The recommendations have been publicly opposed by several medical experts, including former senior WHO staff involved in smallpox control and renowned academics who serve on WHO advisory groups.
The recommendation to insert smallpox genes in other orthopoxviruses has now been withdrawn by the Committee, at the urging of the WHO Director-General, but the status of the other recommendations is unclear.
Several NGOs, including the Third World Network and The Sunshine Project, are calling on the 2006 WHA to decide, in its smallpox resolution, to take the following measures:
* That the WHO Advisory Committee be asked to prohibit research involving genetic engineering of the smallpox virus and the distribution of smallpox DNA for non-diagnostic purposes. These two activities had been recommended by the Committee. At the 2005 WHA, many delegations had raised objections to these recommendations. Yet, the Advisory Committee has not reconsidered these recommendations and their status is ill-defined.
The NGOs are urging the 59th WHA to remedy this situation by specifically directing the Director-General, in a resolution, to reject (a) any smallpox genetic engineering experiment and (b) any distribution of smallpox DNA for non-diagnostic purposes. Consequently, the Committee should be asked to withdraw these recommendations.
* Withdrawal of WHA authorization for the retention of virus stocks for sequencing and development of diagnostics and vaccines. According to the NGOs, there is broad agreement among experts that sufficient sequences of smallpox strains have been obtained, rapid and accurate diagnostics have been developed, and that effective vaccines exist that do not require the smallpox virus.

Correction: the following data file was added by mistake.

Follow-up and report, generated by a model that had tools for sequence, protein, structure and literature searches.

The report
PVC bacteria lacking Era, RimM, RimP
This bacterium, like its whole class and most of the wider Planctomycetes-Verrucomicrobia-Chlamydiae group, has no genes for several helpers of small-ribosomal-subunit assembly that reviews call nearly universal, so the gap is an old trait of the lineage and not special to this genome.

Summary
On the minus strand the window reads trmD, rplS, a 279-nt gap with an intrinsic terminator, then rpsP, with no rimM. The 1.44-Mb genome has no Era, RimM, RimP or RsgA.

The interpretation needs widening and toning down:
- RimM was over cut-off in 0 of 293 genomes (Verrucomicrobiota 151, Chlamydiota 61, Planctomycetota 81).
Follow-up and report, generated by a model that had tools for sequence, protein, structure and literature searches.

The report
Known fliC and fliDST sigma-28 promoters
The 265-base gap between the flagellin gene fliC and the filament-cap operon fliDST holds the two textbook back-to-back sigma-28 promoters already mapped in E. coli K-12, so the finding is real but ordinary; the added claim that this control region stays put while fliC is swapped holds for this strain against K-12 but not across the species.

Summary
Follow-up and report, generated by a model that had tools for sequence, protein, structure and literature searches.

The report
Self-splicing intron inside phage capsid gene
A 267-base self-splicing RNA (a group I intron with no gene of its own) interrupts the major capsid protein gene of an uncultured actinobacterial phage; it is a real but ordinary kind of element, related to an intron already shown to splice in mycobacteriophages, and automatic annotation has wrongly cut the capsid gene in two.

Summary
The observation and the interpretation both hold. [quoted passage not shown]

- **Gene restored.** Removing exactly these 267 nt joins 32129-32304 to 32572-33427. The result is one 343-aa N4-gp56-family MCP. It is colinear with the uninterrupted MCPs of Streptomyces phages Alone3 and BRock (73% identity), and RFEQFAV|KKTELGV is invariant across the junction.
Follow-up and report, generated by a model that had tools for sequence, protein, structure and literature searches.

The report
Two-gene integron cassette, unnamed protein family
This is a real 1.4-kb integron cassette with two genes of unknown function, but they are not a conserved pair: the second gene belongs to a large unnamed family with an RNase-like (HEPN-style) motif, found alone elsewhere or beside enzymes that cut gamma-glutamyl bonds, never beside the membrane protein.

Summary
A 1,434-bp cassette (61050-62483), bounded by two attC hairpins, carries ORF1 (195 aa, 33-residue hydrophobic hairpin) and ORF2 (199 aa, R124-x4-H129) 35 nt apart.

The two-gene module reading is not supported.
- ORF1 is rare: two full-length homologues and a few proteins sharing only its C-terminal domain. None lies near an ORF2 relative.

Therefore, the NGOs are asking the WHA to bring to an end research involving live smallpox virus on these items. It could do so by explicitly withdrawing its temporary authorization for the retention of smallpox virus stocks for these three purposes in its resolution.
* Establishment of a new destruction date for smallpox virus: The remaining smallpox virus stocks will be destroyed only if a new date is fixed. For four years, the two smallpox virus research programmes have operated without a destruction date and, in that time they have sought to still further expand permitted smallpox virus research, rather than moving toward consensus on a destruction date. The NGOs suggest that a new date of destruction should be set: preferably by 30 June 2008 but no later than 30 June 2010.
* Reform of the Advisory Committee on Variola Virus Research. The NGOs say that the Committee has failed in its task of implementing the WHA's mandate to control variola virus research and to determine what research, if any, is essential.
Only at its seventh meeting did the Committee take steps to oversee a research program (such as a format and presentation and review of proposals). Surprisingly, it had to request that the repositories submit descriptions of ongoing research. The Committee and its advisors are not geographically and scientifically balanced, it lacks transparency, and it is principally funded by a single Member State.
The NGOs are calling for the WHA to open the Committee's meetings to non-governmental observers, improve its geographic balance with more representation from developing countries, and better balance the committee by increasing the representation of public health fields.
It should also be required to report all new recommendations and the implementation of prior recommendations to the WHA, including all approved research proposals, safety documentation and research results, conclude the NGOs.